Please use this identifier to cite or link to this item:
|Title:||The effects of early life stress on stress induced binge eating later in life|
|Publisher:||Laurentian University of Sudbury|
|Abstract:||Research has shown that stress not only affects our food intake but early life stress can affect this stress/eating relationship later in life as well. To study this, rats were subjected to early life stressors beginning on postnatal day 28 which consist of the adolescent phase of the rats lives, stressors consisted of elevated platform, damp bedding and restraint. On postnatal day 50, when rats had become adults they were then subjected to a mild electrical foot shock, after which, their intake of high palatable food was measured. Results demonstrate that rats who received early life stress ate less after the shock ( ) than rats who had not received early life stress ( ). These results suggest that early life stress increases rats’ sensitivity to stressors, thus reducing their stress related binge eating tendencies. Results obtained in this study demonstrate a potential factor that causes rats to become stress under eaters or stress over eaters.|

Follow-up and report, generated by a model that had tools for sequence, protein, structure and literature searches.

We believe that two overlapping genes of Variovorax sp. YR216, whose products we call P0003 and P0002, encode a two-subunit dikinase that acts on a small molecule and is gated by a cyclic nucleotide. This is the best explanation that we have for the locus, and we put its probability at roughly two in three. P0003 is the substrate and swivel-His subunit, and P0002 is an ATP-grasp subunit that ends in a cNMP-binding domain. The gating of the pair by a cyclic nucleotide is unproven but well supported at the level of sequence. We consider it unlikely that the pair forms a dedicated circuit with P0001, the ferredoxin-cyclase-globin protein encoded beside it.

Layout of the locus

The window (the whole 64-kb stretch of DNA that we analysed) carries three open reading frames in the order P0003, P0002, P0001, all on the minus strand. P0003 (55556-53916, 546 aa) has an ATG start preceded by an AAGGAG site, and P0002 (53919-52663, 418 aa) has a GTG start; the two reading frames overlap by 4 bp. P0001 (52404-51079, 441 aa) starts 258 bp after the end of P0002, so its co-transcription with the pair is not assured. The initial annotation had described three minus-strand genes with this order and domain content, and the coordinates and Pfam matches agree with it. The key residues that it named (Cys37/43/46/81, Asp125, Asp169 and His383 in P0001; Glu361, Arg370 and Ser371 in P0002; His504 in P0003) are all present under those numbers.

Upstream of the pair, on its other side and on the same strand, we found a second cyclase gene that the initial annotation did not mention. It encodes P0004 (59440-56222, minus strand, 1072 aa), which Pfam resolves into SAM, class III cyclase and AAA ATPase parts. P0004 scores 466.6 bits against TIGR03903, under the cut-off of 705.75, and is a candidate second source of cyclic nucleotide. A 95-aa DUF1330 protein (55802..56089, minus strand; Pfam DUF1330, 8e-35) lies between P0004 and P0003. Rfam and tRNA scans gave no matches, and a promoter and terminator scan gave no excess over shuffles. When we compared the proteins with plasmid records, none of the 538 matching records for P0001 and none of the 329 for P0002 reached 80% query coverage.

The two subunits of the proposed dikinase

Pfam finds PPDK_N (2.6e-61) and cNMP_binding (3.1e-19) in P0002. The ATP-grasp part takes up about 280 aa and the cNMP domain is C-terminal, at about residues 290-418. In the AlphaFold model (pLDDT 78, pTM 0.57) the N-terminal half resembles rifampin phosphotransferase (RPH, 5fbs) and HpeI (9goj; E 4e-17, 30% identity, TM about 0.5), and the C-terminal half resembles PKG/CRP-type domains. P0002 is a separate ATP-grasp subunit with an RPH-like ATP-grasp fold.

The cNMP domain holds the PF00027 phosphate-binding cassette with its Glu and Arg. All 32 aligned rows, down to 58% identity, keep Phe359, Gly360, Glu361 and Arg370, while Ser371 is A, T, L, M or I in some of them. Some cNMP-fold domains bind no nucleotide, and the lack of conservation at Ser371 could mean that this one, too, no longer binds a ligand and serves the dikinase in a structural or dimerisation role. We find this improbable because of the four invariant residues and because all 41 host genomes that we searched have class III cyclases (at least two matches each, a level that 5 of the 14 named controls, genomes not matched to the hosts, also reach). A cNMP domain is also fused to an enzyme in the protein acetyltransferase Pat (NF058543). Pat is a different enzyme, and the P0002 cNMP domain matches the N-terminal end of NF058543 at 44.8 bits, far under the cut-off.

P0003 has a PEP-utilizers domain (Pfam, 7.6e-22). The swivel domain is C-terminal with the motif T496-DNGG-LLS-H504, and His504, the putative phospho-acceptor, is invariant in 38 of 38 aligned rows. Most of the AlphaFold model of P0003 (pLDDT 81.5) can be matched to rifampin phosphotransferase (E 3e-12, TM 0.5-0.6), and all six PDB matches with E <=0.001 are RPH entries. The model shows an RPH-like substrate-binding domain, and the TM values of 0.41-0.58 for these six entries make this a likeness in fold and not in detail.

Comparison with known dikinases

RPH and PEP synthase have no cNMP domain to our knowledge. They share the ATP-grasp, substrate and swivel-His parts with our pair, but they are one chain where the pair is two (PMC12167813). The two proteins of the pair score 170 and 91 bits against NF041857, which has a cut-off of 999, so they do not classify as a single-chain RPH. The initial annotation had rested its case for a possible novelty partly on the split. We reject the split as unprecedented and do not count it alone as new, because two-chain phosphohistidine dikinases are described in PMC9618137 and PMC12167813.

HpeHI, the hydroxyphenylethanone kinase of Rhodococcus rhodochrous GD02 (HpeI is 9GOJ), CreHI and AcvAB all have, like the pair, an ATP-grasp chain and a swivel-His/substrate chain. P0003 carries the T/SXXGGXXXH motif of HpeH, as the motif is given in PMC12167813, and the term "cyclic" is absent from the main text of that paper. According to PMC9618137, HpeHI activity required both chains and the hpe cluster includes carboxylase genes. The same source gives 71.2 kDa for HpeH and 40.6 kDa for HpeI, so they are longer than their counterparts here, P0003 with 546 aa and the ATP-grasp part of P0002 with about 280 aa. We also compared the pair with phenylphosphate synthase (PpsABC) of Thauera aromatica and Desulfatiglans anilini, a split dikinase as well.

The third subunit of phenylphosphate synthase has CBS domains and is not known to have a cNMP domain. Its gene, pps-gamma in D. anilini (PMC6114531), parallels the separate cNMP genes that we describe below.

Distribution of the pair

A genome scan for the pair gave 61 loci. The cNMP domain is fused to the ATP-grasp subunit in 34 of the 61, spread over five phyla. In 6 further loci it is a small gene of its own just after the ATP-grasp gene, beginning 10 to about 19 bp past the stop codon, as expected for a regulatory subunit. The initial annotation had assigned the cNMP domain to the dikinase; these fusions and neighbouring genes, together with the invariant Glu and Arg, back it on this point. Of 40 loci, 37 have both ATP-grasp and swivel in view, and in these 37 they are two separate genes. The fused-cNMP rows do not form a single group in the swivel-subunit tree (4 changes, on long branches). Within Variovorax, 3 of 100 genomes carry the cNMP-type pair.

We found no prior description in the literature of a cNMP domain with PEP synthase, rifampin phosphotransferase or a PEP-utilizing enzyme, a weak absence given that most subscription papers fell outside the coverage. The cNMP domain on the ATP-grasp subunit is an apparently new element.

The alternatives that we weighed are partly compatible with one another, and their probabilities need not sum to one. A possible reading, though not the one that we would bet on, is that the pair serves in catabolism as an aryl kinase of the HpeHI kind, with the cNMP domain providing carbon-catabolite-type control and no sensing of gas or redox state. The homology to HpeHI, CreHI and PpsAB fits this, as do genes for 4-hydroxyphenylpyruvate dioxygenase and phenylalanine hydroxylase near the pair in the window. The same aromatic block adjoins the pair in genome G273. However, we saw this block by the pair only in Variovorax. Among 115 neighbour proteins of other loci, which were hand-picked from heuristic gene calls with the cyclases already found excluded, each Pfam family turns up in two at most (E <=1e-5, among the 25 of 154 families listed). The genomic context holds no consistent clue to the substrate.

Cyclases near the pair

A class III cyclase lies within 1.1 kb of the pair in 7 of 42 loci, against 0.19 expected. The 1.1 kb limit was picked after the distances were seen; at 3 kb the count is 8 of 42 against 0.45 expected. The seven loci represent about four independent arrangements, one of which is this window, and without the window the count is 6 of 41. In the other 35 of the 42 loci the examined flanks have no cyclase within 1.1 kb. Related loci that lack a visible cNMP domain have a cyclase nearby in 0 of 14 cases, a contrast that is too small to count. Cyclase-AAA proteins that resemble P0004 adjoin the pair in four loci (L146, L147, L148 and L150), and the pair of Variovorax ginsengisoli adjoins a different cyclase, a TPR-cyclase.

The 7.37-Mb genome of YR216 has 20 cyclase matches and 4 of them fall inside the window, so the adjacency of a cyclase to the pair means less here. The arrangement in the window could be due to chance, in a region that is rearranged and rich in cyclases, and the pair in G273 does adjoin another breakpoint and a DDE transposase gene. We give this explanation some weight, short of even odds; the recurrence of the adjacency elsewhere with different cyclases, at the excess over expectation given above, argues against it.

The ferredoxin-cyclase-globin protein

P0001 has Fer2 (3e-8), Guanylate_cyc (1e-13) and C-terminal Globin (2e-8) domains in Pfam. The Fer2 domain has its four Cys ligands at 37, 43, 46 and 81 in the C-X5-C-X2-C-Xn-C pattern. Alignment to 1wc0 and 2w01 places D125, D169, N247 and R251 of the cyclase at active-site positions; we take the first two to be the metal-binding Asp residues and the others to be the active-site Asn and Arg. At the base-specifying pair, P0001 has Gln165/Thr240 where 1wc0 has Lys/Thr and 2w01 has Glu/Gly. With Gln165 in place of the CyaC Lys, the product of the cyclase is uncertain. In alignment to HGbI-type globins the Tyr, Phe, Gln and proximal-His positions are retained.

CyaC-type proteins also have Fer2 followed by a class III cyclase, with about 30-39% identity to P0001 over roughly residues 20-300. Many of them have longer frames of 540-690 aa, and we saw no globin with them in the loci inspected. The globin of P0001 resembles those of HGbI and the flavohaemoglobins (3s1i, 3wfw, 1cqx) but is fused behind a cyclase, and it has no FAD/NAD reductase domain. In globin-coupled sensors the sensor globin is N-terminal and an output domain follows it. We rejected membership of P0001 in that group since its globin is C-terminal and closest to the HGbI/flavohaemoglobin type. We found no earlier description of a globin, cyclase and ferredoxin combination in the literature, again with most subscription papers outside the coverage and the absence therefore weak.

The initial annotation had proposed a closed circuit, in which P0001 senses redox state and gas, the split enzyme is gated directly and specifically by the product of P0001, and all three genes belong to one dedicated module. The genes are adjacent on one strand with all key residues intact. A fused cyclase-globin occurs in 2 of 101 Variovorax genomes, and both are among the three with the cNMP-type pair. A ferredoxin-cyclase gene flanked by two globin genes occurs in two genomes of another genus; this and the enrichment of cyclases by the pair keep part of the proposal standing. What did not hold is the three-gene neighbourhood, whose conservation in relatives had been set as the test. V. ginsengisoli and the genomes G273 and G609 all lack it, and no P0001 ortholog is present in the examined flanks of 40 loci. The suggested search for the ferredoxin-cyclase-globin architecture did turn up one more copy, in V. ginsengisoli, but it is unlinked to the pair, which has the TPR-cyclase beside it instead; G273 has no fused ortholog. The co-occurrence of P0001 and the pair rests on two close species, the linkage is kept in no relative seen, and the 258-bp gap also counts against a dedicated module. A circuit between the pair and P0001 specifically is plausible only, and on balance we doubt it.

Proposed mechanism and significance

|Appears in Collections:||Psychology / Psychologie - Undergraduate Theses|
Files in This Item:
|SINCLAIR Amber PSYC 4104EL01 2014-2015.pdf||446.52 kB||Adobe PDF|
Items in LU|ZONE|UL are protected by copyright, with all rights reserved, unless otherwise indicated.